Calculating the z-score to arbitrary precision for a given percentile

I am trying to calculate the value for a given distribution that is greater than a certain percentile of other elements of that distribution. For example, for a distribution with mean X and standard deviation Y, what is the value T for which 95% of the distribution will be less than T and 5% will be greater than T. This can be done if one knows the corresponding z-score (T = X + z-score*Y). However, tables are incomplete(multiple z-scores correspond to the same percentile etc) and I'd like to be able to do this to higher accuracy than the table allows.

Is it the case that in order to calculate z for an arbitrary distribution I have to solve $$0.95 = \frac{1}{\sigma\sqrt{2\pi}}\int_0^z e^{(-(x-\mu)/\sigma)^2}dx$$ for z? This would involve some messy error function results, correct? Does anyone have any tips about solving this numerically?

• This has probably already been done in some arbitrary precision computing library (although probably through erf and its inverse, so you would need a few other arbitrary precision operations as well). For instance, upon a quick Google search I find sciencedirect.com/science/article/pii/S0890540112000697 which implements erf and erfc (the latter actually being what you want here). Imitating this from scratch will be more difficult than you expect. Also, your lower bound for the problem you stated should be $-\infty$. – Ian Sep 15 '17 at 21:13
• I wonder what the application is? I'm sure there are good and interesting reasons to compute a normal integral to arbitrary precision. Statistical application is not one of them. – Mark McClure Sep 21 '17 at 16:48

You say you are interested in a 'given' distribution, but as your question progresses, you talk about z-scores and normal distributions. The CDF $\Phi$ of a standard normal distribution cannot be expressed in closed form. However, various software packages have inverse CDF functions, called 'quantile' functions, that provide the answers you're looking for.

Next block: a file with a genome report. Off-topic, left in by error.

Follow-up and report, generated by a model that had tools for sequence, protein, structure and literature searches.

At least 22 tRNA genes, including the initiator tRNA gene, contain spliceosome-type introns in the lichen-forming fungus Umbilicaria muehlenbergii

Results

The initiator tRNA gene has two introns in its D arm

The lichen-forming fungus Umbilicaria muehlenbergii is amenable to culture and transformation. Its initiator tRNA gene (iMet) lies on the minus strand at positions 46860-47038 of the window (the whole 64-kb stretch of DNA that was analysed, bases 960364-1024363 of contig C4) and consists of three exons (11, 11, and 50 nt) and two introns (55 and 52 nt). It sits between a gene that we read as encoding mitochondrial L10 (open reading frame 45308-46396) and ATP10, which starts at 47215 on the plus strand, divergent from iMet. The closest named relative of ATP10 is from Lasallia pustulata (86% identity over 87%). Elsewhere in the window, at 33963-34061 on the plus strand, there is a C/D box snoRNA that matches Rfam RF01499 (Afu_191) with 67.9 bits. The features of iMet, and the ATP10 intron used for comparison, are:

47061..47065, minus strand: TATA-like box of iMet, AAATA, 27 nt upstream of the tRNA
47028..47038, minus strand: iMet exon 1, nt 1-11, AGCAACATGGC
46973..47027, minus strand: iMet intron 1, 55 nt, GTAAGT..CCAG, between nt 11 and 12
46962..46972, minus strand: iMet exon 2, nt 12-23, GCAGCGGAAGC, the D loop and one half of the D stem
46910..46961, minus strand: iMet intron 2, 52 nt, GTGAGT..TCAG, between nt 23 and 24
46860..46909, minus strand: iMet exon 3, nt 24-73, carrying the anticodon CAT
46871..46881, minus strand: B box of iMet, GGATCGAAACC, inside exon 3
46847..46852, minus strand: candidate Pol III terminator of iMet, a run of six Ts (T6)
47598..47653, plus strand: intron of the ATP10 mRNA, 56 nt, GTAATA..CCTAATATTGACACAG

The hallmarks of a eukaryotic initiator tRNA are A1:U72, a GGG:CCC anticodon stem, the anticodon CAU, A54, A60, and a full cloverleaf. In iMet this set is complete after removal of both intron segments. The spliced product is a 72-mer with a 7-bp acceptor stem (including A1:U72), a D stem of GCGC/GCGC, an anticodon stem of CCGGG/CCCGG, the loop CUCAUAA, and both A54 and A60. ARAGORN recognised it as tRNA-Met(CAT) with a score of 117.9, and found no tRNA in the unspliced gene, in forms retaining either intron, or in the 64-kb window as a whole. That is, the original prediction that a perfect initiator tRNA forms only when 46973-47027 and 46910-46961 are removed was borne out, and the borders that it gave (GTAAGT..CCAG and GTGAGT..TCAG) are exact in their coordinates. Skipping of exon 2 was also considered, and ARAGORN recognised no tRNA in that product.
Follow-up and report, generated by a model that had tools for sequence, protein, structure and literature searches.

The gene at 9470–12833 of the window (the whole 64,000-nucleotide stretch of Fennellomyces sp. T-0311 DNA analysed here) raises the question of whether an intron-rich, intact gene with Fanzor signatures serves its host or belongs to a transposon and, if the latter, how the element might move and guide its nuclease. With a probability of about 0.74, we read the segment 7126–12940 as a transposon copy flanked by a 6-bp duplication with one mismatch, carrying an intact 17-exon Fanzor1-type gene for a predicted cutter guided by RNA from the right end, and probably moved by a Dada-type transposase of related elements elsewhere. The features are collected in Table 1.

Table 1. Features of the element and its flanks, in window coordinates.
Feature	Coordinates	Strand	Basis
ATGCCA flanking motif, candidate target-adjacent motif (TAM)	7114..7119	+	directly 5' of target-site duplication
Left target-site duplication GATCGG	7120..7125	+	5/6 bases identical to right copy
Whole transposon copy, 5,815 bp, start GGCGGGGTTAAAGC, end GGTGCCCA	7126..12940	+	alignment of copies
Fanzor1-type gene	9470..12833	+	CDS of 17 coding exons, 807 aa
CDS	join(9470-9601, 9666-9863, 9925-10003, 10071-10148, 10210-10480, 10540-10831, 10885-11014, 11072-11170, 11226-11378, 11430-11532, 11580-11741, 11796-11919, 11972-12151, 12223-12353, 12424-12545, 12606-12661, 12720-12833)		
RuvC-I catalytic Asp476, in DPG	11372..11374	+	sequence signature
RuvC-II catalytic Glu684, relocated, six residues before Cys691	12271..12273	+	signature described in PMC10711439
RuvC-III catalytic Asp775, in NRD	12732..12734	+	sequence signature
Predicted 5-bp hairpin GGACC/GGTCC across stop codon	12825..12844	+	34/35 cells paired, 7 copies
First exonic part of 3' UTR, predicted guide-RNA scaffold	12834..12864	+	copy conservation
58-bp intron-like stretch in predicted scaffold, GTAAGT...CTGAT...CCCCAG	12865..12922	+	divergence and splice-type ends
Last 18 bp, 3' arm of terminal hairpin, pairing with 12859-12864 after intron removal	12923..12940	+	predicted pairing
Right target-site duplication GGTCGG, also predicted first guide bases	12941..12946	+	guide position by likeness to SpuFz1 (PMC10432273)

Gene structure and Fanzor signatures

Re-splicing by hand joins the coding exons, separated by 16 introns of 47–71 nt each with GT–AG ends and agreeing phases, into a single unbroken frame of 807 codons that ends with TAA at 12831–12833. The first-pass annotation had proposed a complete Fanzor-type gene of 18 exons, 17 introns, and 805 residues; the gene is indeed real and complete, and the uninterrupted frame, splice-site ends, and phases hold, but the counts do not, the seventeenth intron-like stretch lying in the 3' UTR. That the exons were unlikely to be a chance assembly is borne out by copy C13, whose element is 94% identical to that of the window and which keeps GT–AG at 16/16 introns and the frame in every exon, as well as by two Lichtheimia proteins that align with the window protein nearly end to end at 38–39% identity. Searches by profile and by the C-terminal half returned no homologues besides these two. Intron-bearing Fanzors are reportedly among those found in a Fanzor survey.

For example, if $X \sim \mathsf{Norm}(\mu = 100,\, \sigma = 15),$ then you can find $q_{.95} = 124.6728.$ such that $P(X \le q_{.95}) = 0.95000.$ In R statistical software this is computed as shown below. In R, the quantile function is qnorm and the CDF is pnorm; arguments $\mu$ and $\sigma$ can be supplied, so that it is not necessary to standardize.

q.95 = qnorm(.95, 100, 15);  q.95;  pnorm(q.95, 100, 15)
## 124.6728   # 95th quantile of NORM(100, 15)
## 0.95       # check


The 95th quantile of the standard normal distribution is 1.644854:

qnorm(.95)
## 1.644854


The quantiles shown above are sufficiently accurate for any practical purpose I can imagine, but if you have a theoretical interest in more accuracy, it should be possible to find software that gives more digits of accuracy.

The quantile function in R uses a rational approximation to $\Phi^{-1}$ (by Wichura) that is accurate to about as many places as the floating point arithmetic in R can express. More decimal places than given above could be found by iterative numerical integration. Although the quantile function cannot be expressed in closed form, it is known to be continuous, so there is no theoretical limit to the number of digits of accuracy obtainable.

Note: Most statistical computer packages implement CDFs and quantile computations for some commonly-used distributions other than normal. Below are 95th percentiles for $\mathsf{Exp}(1)$, which has CDF $F(x) = 1 - e^{-x},$ for $x > 0;$ and for $\mathsf{Unif}(0,1),$ which has CDF $F(x) = x,$ for $0 < x < 1.$ These follow the same kind of syntax in R as for the normal distribution. However, in these cases the CDF is known and invertible, so computation is straightforward.

q.e = qexp(.95);  q.e;  1 - exp(-q.e)
## 2.995732
## 0.95
qunif(.95)
## 0.95


I ended up using the inverse error function as specified in the boost special function library (I'm working in C++). That was able to get me what I wanted without having to numerically integrate.

Thanks for the responses.